Vaccination policies of action must focus on humanity and not profits – President Ali
–says Guyana’s recovery strategy linked to regional plan
His Excellency Dr. Irfaan Ali on Wednesday night called for a less profit-driven approach to the vaccination process and pointed to his country’s recovery plans being in sync with the rest of the region.
The Head of State was one of several leaders who participated in a panel discussion on the “Economic Recovery and Restructuring in Emerging Economies and the Integral Role of Energy and Infrastructure Development” organised by the Global Business Leadership Forum, Goldman Sachs and O’Melveny in New York City.
In highlighting the significant impact that the Covid-19 pandemic has had on Guyana and sister CARICOM nations, as well as other small developing countries, the President pointed to the clear disparity in the system.
“Unfortunately, what the pandemic has taught us is that disparity still exists in the world. What it also taught us is that at a time when the world was supposed to be coming together with greater strength, the world was insulated with every country fighting on its own and every individual fighting for themselves…so you’re facing a pandemic of equal proportions at the health level, but disproportionate proportions at the economic and social levels.”
The President noted that the developing world and poorer countries are more affected by the pandemic due to the disparity and will take longer to recover.
He also lamented on the preferential treatment of certain vaccines, especially as prerequisites for travel and opined that many of the demands are driven by business and profit.
“It’s a polarisation, frankly speaking, that is driven by businesses and a polarisation that is driven by profit, and not driven for the purpose of humanity and to get out of this pandemic. All the targeted policies of action must be driven for humanity, and not driven for profit or business. That is what has to happen.”
In responding to a question regarding his plans for economic recovery and restructuring, President Ali noted that Guyana’s recovery strategies are linked to the region.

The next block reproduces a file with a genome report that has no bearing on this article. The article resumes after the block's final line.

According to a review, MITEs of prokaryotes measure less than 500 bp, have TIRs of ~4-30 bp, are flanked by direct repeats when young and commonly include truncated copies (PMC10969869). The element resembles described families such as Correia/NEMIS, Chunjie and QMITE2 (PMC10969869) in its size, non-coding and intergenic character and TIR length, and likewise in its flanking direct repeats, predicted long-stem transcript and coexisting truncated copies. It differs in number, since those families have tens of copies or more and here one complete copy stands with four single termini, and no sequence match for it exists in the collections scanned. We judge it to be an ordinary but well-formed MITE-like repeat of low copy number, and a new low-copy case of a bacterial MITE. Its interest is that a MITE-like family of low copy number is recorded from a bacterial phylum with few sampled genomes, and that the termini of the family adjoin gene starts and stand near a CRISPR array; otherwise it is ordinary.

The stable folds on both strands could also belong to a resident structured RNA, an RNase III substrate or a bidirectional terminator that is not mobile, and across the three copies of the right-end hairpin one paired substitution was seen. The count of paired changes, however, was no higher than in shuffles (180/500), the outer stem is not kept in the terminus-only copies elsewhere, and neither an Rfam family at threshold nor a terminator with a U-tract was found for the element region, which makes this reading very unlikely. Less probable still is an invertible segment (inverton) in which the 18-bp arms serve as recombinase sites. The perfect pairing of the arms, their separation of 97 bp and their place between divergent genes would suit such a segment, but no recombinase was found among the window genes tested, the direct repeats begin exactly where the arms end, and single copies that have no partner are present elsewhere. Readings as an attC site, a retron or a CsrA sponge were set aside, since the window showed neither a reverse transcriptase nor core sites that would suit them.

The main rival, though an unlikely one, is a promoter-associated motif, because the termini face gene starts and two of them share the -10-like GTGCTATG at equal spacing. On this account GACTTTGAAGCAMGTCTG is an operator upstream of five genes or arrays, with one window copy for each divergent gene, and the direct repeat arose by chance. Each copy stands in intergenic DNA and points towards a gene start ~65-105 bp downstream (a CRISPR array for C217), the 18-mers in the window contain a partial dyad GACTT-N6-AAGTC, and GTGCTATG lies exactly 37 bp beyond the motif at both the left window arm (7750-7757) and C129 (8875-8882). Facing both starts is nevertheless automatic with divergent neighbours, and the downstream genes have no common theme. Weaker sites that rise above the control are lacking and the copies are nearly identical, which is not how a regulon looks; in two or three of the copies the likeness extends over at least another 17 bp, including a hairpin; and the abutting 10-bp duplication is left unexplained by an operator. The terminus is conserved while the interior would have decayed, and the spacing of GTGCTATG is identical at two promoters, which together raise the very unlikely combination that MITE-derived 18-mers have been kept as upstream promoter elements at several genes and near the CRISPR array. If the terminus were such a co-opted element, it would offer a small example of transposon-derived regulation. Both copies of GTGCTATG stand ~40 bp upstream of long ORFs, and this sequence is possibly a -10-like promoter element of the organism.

“Well first of all let me say that Guyana’s plan is linked to the regional plan. We can’t separate ourselves from the collective, because any country in the CARICOM region who wants to claim success cannot claim success if the other countries in the region are not successful too.”
The President said that the pandemic coupled with the effects of climate change has intensified his Government’s drive for economic diversification.
“We are working on economic diversification, making every sector of the economy competitive. You have to invest in food security, sustainability, and ensure that our economy is diversified in such a way that it can withstand various shocks.”
In calling for a differentiated approach to dealing with climate change and the environment, the Head of State said that practical steps must be taken to ensure that developing countries like Guyana are not made to carry the same burden as the developed countries in relation to the cost of the use of natural resources.
He said that Guyana has been severely affected by climate change. “We are a low-lying coastal country. We had massive floods over the years.”
The President added that regional nations are also facing the brunt of climate change and called for more to be done for their recovery and development.
“Where is the climate vulnerability fund? Where is the global climate vulnerability fund?”
The President also noted that the pandemic has created a regression in learning, hindered access to resources, and caused a reclassification of loans for developing countries. He said that these changes should be addressed at a global level in order to aid the recovery process of the most affected countries.
Overall, he called for more honest and forward-thinking approaches in dealing with global issues and their effects on developing nations.
President Ali was joined by Prime Minister of St Maarten, the Honourable Silveria Jacobs; Panama’s Minister of Foreign Affairs, the Honourable Erika Mouynes; Director-General of the Organisation of Eastern Caribbean States, Dr Didacus Jules, and several other distinguished individuals. Minister of Foreign Affairs and International Cooperation, the Honourable Hugh Todd, Ambassador and Permanent Representative to the United Nations, Carolyn Rodrigues-Birkett, and Foreign Secretary, Mr Robert Persaud were also at the forum.